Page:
CDC Urges Universal Mask Wearing for First Time

Alicia Ault

December 07, 2020

Editor's note: Find the latest COVID-19 news and guidance in Medscape's Coronavirus Resource Center.

As the United States faces a worsening surge of SARS-CoV-2 infections, hospitalizations, and deaths, the Centers for Disease Control and Prevention (CDC) has, for the first time during the almost year-long pandemic, urged Americans to wear face masks universally.

The recommendation — published on December 4 in Morbidity and Mortality Weekly Report — was highlighted as the first of 10 key strategies to mitigate the spread of the virus and to restore the American economy and community life.

President-elect Joe Biden has said he will urge Americans to wear masks for 100 days.

On December 3, the United States hit all-time highs for new infections (more than 200,000), hospitalizations (at more than 100,000), and deaths (2800), according to the Johns Hopkins Coronavirus Resource Center.

The CDC said it expected that colder weather, more time spent indoors, and asymptomatic spread would continue to fuel high-level transmission, necessitating implementation of "all evidence-based public health strategies at both the individual and community levels."

Mask wearing is a critical part of that strategy, "particularly in light of estimates that approximately one half of new infections are transmitted by persons who have no symptoms." The CDC went on to say that "compelling evidence now supports the benefits of cloth face masks for both source control (to protect others) and, to a lesser extent, protection of the wearer."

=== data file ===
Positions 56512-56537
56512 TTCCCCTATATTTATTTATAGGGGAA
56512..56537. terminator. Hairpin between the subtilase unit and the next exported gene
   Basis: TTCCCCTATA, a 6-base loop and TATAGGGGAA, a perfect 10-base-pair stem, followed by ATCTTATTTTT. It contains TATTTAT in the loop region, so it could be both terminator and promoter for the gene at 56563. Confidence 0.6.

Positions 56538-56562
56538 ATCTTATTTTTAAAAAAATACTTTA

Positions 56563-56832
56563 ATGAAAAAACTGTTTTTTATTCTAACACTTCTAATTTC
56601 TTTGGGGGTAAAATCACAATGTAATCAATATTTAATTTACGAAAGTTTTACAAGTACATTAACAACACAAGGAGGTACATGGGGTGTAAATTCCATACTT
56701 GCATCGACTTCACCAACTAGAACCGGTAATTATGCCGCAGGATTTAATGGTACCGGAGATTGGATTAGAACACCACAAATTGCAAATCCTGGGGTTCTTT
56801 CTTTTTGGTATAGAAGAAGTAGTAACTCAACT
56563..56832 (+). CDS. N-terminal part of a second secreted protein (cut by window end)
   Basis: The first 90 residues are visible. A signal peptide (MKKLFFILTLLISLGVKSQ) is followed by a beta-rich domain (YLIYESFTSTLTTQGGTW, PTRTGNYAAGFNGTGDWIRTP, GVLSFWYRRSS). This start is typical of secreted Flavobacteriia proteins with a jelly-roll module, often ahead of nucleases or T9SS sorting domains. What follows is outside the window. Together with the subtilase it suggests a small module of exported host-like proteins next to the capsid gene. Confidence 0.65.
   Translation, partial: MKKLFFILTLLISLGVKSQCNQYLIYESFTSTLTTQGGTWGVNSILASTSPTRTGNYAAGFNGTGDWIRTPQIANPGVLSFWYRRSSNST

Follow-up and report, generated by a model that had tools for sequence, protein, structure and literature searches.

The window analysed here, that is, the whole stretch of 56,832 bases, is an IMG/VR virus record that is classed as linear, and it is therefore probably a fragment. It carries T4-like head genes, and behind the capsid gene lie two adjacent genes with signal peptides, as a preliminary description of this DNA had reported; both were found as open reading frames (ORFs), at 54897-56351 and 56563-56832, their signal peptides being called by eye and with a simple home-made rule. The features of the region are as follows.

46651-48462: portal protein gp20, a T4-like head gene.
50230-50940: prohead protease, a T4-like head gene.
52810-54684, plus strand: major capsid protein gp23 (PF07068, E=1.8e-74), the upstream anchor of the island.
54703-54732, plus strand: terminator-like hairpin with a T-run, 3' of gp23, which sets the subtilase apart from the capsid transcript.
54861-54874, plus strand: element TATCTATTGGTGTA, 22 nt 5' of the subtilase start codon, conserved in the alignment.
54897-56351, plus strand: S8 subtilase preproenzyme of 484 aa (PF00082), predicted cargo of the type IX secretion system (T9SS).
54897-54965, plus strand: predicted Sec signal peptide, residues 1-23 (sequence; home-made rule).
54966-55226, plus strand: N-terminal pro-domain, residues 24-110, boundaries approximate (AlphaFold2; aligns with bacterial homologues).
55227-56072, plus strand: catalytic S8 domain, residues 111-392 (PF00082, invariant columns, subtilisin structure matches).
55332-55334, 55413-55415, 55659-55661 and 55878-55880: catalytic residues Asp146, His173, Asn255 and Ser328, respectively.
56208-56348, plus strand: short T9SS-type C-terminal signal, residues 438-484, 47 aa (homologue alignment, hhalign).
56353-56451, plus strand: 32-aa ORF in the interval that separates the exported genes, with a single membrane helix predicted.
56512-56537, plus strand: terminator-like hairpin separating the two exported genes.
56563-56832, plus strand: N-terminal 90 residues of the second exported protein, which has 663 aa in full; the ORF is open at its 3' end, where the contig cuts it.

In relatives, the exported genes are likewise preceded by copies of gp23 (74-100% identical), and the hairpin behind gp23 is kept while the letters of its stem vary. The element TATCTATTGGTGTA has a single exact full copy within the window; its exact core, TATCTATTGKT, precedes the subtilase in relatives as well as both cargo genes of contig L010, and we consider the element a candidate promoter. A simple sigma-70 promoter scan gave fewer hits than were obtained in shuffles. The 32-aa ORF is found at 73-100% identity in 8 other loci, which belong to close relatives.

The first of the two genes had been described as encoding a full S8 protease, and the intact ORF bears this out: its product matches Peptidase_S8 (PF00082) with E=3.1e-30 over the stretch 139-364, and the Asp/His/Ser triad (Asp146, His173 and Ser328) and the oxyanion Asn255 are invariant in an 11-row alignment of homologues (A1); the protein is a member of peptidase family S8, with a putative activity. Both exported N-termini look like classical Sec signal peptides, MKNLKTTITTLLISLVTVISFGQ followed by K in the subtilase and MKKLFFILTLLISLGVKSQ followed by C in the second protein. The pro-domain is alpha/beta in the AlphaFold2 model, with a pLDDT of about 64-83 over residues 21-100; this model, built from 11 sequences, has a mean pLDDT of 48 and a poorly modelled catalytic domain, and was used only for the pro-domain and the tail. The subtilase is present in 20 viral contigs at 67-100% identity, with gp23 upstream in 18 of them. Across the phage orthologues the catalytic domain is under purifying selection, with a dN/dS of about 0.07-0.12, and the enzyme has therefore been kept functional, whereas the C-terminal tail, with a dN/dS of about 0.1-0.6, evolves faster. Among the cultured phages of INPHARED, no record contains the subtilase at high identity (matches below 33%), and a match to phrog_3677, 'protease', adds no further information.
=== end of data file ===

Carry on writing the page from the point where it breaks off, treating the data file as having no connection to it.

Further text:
The agency urged people in the community to use nonvalved, multilayer cloth masks or nonmedical disposable masks to help preserve N95 masks for healthcare workers and other medical first responders.

Wearing a mask both indoors and outdoors is essential when physical distance of 6 feet or more is not possible, said the agency. Masks should be used in individuals' own homes when a household member is infected or has recently been possibly exposed to the virus.

The CDC urged communities to develop a plan to distribute masks to specific populations, such as those who might experience barriers to access.

Other Strategies

The agency also reiterated the evidence supporting the following mitigation strategies, which it recommends to help reduce the surge:

  • Maintaining physical distance from other people and limiting in-person contacts

  • Avoiding nonessential indoor spaces and crowded outdoor spaces

  • Increasing testing to rapidly identify and isolate infected persons

  • Promptly identifying, quarantining, and testing close contacts of people known to have COVID-19

  • Safeguarding those people most at risk for severe illness or death from infection with SARS-CoV-2

  • Protecting essential workers by providing of adequate personal protective equipment and safe work practices

  • Postponing travel

  • Increasing room air ventilation and enhancing hand hygiene and environmental disinfection

  • Achieving widespread availability and high community coverage with effective COVID-19 vaccines

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